Buzzing the Traditional Media off through Ambient Advertising Angela Lucas Snipes Undergraduate Marketing Student Savannah State University Abstract: Ambient advertising is a unique, intimate and non-traditional form of communication between the product and the consumer and uses all physical and environmental elements leading to stronger customer engagement. This innovative form of communication goes straight to the top of the consumer’s mind and stays there for an extended period of time. The research study explores the innovations in ambient advertising including flash mob dancing, use of structures, posters, props, the backs of bus tickets, supermarket floors, shopping carts, bank receipts, animals, and other strange and unusual venues. The study further examines how ambient advertising can effectively support both traditional and digital media. This unconventional form of advertising makes effective use of surroundings and physical environments to grab attention of the intended audience leading to positive brand and ad attitudes and purchase intentions. This research paper investigates the following questions: What are the social and economic effects on the potential consumer engagement from innovative ambient advertising techniques like flash mob dance and effective utilization of physical spaces for conveying advertising messages? Is ambient advertising the future of advertising? How is digital and traditional advertising benefit from ambient advertising, thereby revolutionizing the advertising industry?
Keywords: Ambient Advertising, Traditional Advertising, Digital Marketing, Flash Mobs, Physical Space Utilization
INTRODUCTION Ambient advertising utilizes the environment and elements of the environment to advertise a message. Generally, ambient advertising utilizes the environment in a more cost-efficient manner than traditional forms of advertising such as television, print and radio. Every year more and more chunks of marketing budgets are used for ambient media in lieu of traditional forms. In recent years with the economic downturn, ambient media has thrived in part because more people commute to work, walk in transit hubs and shopping malls. Megan Hicks writes in the Journal of Media & Cultural Studies about the use of pavement for ambient media: “When companies post advertisements for their products in places that are novel, inventive or borderline illegal, they call it ‘guerilla marketing’. Urban footpaths have becomes a site for such tactics with advertisers appropriating the means and methods of pavement artists and stencil graffitists to generate brand awareness” (2009). Advertising has no limits with ambient ‘guerilla’ marketing. The world is literally the ambient artists’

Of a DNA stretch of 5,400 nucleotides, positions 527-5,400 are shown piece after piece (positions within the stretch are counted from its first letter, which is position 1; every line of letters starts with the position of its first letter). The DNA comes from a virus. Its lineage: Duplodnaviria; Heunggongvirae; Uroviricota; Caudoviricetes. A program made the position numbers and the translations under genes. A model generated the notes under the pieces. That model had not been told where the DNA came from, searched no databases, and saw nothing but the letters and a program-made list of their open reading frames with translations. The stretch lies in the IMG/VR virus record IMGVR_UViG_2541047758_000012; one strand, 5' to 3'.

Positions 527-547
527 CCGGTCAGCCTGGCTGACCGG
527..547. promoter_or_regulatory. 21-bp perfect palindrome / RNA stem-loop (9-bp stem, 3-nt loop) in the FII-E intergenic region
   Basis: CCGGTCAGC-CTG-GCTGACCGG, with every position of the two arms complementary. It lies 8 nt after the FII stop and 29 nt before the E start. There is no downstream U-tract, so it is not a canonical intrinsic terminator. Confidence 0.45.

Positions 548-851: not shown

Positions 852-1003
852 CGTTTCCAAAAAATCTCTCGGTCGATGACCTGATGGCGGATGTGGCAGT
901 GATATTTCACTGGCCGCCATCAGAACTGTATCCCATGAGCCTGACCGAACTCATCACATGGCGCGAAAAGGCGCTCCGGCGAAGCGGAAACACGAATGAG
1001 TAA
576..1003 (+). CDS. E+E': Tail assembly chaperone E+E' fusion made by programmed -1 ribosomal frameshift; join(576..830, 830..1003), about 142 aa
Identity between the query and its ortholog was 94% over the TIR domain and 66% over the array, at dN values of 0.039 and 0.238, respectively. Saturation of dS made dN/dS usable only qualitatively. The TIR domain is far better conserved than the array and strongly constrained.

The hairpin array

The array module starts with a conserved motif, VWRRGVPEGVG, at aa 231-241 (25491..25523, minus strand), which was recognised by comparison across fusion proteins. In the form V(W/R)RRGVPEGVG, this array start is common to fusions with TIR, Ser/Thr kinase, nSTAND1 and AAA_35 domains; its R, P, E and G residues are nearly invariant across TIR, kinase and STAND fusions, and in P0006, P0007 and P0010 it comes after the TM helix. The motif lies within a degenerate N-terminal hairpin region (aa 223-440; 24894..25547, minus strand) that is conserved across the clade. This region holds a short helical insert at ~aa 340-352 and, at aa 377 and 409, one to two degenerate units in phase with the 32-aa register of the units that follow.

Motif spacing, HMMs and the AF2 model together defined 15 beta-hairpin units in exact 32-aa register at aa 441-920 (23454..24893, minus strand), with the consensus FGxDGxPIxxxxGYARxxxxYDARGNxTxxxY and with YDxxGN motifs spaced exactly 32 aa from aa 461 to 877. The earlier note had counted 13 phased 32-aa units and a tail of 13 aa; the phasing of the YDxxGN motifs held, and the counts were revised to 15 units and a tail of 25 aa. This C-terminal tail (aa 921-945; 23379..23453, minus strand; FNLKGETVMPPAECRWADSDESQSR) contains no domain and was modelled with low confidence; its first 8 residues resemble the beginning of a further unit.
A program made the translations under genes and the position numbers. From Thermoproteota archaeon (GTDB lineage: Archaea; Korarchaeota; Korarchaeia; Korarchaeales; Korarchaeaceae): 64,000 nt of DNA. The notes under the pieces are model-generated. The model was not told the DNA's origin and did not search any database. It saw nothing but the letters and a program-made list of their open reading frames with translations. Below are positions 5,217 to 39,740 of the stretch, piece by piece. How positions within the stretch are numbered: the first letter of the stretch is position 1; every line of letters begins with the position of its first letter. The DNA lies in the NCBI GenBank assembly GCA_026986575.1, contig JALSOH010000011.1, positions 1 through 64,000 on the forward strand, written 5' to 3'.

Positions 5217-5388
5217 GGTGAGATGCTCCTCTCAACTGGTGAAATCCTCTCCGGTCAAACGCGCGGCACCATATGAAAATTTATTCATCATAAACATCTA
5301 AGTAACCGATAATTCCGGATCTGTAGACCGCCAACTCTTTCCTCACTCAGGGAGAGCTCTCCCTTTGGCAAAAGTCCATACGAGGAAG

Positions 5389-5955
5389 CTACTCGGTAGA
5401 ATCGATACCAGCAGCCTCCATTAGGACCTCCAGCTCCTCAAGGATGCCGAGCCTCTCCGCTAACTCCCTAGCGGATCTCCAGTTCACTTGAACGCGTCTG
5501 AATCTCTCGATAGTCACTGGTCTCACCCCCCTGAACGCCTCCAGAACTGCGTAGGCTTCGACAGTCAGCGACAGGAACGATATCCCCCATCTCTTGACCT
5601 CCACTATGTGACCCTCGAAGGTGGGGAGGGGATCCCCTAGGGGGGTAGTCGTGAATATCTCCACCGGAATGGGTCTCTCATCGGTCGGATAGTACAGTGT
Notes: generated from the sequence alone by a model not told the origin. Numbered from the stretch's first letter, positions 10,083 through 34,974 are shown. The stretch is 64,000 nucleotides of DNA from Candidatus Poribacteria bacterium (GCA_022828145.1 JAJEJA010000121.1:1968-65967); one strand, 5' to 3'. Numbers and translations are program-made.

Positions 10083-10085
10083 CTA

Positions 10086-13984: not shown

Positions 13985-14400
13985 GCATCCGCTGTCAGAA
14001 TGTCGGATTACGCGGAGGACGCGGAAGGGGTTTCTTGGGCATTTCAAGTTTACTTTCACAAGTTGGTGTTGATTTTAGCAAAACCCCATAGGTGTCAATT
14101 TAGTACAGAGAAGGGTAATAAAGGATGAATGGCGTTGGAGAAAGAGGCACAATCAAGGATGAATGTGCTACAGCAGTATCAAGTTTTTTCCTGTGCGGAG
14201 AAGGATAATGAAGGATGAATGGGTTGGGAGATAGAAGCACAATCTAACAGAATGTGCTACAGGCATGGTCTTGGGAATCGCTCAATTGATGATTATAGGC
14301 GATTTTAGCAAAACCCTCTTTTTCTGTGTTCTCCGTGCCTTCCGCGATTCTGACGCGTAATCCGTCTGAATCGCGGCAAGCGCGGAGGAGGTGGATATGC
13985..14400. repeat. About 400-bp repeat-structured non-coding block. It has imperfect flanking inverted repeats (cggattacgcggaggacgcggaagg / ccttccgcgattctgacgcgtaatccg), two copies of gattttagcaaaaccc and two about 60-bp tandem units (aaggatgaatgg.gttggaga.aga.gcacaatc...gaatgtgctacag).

playground and in an economy like todays, the low cost of creating an effective campaign is enticing to all business owners. Ambient media also delivers what is known as “proximity to point of sale” advertising. The ambient media is geographically places near the point of sale to make it easy for a consumer to buy the product. In the past decade ambient media has emerged and so advertisements are showing up in the most unusual places. The uniqueness of this new advertising method is what sends the message straight to the mind of the potential consumer and makes it stay there for an extended period of time. The consumer simply cannot get the message out of his mind because of the bizarre nature of how the consumer is exposed to the message. This top of mind awareness is something that marketers all over the world have strived to achieve with print, television, radio and billboard for many years. Ambient advertising catches the consumer by surprise and this is what leaves the lasting impression in their mind. Ambient advertising is originally derived from outdoor advertising (i.e.: billboards) which is the oldest form of advertising. Through ambient advertising marketers are able to use the environment which ends up...
References: Gambetti, R. C. (2010). Ambient Communication: HOW TO ENGAGE CONSUMERS IN URBAN TOUCHPOINTS. California Management Review, 52(3), 34-51. Advertising 's New Frontiers. (2004). Futurist, 38(4), 11. Okazaki, S. (2010). Global Consumer Culture Positioning: Testing Perceptions of Soft-Sell and Hard-Sell Advertising Appeals Between U.S. and Japanese Consumers. 18(2), 20-34 Duran, A. (2006). Flash mobs: Social influence in the 21st century. Social Influence, 1(4), 301-315. Hicks, M. (2009). Horizontal billboards: The commercialization of the pavement. Continuum: Journal of Media & Cultural Studies, 23(6), 765-780. Reyburn, D. (2010). Ambient Advertising. Marketing Health Services, 30(1), 8-11. Ryan-Segger, T. (2007). HOW AMBIENT MEDIA HAS GROWN UP. B&T Weekly, 57(2603), 18-20. Shankar, A., & Horton, B. (1999). Ambient media: advertising 's new media opportunity?. International Journal of Advertising, 18(3), 305-321. Alarcon, C. (2005). Ambient media innovations target upmarket consumers. B&T Weekly, 54(2502), 11. Bashford, S. (2010). Out of home top of mind. Marketing (00253650), 28-29. REICH, B. (2009). Digital Media 's Key to Success: Must-Read Content. Nieman Reports, 63(3), 15.
Client: Nestle Brand Kit Kat bench Agency: JWT - London (2009)
Client: Frontline Agency: Saatchi & Saatchi – Jakarta, Indonesia (2009)
Client: McDonalds Agency: Cossette West- Vancouver &TBWA - Switzerland (2009)
Client: Rimmel Agency: JWT - London (2009)
Client: McDonalds Agency: DDB Group - Hong Kong (2011)
Client: Nestle Brand Kit Kat Agency: JWT- Auckland, New Zealand (2010)
Client: Proctor & Gamble Agency: Grey Worldwide in
Please join StudyMode to read the full document